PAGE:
Echinoderm has to be one of the more wonderful gifts from the ancient Greek language, it means hedgehog skin! Within this phylum we find starfish, sea urchins as well as our creature of the week… the sea cucumber.
There are over 1,700 species of sea cucumber and they are to be found on the seafloor the world over, with many of the species found in the waters of the Asia Pacific region. The sea cucumber fits very well into our unusual creature theme here in South Lombok as they’re pretty weird 🙂 Some are prickly like the pineapple sea cucumber (Thelenota ananas – pictured below), some look like they have feet (Pearsonothuria graeffei) and some… well… they look like intestines with a mouth that’s straight out of a horror movie (Euapta lappa), we love them all.
Speaking of intestines, when threatened or disturbed, many species of sea cucumbers eject “cuvierian tubules, thin white sticky strands of viscera, from their cloacas”, basically they eject their intestines so the predator goes for those instead of them and then they grow them again later. That’s not the only amazing feature of the sea cucumber… “The threads of the Pearsonothuria graeffei species contain glycosides that are toxic to the aggressor. The chemicals, echinoside A and ds-echinoside A, are being investigated for their possible use by humans as painkillers or anti-tumor drugs. Experiments in vitro show that they have marked anti-cancer activity in Hep G2 cells and that, when given to mice with H22 hepatocellular carcinoma tumors (liver cancer), the weight of the tumors was reduced by about 50%.” – Wikipedia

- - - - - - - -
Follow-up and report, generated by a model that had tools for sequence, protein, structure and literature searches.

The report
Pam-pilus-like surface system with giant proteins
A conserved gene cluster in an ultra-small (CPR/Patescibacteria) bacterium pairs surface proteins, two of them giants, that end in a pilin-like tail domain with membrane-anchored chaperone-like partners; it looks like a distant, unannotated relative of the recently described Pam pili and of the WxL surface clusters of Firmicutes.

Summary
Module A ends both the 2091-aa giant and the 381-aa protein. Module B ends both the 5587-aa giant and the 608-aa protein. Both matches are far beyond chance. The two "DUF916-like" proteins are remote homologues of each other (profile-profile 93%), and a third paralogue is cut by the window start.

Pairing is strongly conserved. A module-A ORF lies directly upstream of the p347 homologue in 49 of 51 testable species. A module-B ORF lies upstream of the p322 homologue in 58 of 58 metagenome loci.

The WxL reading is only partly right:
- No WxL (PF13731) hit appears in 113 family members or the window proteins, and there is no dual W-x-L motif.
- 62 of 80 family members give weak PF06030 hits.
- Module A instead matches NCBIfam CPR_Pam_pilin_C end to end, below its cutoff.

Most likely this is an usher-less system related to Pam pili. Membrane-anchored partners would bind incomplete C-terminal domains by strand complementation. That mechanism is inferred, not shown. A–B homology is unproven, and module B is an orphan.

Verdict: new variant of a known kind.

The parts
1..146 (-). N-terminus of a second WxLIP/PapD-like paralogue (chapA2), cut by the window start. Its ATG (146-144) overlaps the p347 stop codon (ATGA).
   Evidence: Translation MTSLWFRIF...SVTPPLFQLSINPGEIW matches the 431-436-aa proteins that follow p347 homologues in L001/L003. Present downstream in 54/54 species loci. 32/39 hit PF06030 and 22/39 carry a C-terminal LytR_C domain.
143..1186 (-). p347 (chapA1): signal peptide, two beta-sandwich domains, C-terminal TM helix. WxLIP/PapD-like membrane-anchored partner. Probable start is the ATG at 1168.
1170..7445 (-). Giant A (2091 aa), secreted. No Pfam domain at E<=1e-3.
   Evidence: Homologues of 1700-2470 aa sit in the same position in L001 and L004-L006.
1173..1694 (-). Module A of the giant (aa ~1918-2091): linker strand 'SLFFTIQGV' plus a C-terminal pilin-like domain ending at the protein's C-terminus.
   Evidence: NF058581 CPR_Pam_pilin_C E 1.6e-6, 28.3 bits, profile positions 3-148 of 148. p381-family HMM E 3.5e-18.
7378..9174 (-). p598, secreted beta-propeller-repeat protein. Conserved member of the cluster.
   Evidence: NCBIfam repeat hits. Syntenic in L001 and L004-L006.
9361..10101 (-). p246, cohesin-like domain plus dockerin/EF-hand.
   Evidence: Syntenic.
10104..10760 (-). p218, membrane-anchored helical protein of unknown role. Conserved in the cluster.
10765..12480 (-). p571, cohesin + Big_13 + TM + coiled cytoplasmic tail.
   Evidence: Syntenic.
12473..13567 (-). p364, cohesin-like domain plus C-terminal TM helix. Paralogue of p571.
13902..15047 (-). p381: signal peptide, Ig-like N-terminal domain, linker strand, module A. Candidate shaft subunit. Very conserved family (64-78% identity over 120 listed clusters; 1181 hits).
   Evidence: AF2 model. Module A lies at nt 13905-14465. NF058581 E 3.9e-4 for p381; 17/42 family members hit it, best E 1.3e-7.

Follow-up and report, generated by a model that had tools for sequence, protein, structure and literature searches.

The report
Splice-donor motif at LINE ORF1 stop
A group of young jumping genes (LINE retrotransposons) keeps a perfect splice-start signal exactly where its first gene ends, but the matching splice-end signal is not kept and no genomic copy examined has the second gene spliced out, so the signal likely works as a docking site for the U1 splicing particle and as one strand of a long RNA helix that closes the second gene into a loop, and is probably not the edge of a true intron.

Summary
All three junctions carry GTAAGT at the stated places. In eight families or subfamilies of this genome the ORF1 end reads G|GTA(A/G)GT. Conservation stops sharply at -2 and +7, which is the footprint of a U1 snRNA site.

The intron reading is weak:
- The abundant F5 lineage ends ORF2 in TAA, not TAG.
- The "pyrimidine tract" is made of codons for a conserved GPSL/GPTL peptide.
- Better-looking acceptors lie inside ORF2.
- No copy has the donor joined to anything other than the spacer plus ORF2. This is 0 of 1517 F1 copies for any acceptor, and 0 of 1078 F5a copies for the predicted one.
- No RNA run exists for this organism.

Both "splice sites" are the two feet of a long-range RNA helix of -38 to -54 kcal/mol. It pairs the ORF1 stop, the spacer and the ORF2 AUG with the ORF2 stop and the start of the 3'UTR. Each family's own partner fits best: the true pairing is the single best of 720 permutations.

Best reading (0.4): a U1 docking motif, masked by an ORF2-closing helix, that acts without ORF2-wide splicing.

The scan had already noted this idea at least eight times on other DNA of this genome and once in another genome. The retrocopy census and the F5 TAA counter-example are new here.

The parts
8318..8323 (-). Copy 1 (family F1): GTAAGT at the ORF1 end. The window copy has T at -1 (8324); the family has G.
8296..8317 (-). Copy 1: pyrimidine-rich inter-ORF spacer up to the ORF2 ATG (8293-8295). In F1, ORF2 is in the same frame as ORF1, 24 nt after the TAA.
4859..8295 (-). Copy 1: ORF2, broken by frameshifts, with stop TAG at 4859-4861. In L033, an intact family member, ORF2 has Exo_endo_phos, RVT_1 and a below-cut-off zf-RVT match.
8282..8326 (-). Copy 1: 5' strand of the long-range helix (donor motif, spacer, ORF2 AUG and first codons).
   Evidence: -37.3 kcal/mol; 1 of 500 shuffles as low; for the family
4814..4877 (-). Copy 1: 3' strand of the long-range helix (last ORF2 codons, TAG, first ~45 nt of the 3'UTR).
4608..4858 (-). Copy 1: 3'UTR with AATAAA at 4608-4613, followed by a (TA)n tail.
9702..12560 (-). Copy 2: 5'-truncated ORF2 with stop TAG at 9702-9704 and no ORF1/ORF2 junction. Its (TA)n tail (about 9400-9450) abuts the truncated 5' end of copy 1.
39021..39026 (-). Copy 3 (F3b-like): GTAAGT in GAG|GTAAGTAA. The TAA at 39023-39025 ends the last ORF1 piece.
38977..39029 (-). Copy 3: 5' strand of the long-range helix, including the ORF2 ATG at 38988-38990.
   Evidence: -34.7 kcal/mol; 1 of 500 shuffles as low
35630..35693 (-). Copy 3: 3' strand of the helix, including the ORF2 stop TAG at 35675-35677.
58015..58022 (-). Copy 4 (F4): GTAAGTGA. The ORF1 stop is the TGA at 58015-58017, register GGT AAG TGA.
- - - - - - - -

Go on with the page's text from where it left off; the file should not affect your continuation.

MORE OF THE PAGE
Sea cucumbers are a delicacy in some countries which means their numbers are declining dramatically in some regions, just as we’re discovering how important they are to the health of the reef and possibly to the health of humanity! Other creatures also appreciate sea cucumbers, such as beautiful emperor shrimps which live on some species, using the sea cucumber as a mode of transport to take them from one feeding ground to the next (title picture above).
Our newly arrived Divemaster Interns Yann and Jil have been discovering these weird but awesome creatures on their dives here this week, as well as perfecting their rescue and snorkel teaching skills in our very calm waters in the “secret” Gilis of Sekotong.
Did you know that Sekotong in South Lombok is becoming known as the most pristine region for scuba diving in Indonesia? If you want to dive some of Indonesia’s best dive sites and most vibrant reefs – with few other divers and hordes of fish, come and join us! We also offer a full range of PADI courses for all levels. For more information or to make a booking, fill in the contact form below and we will get right back to you!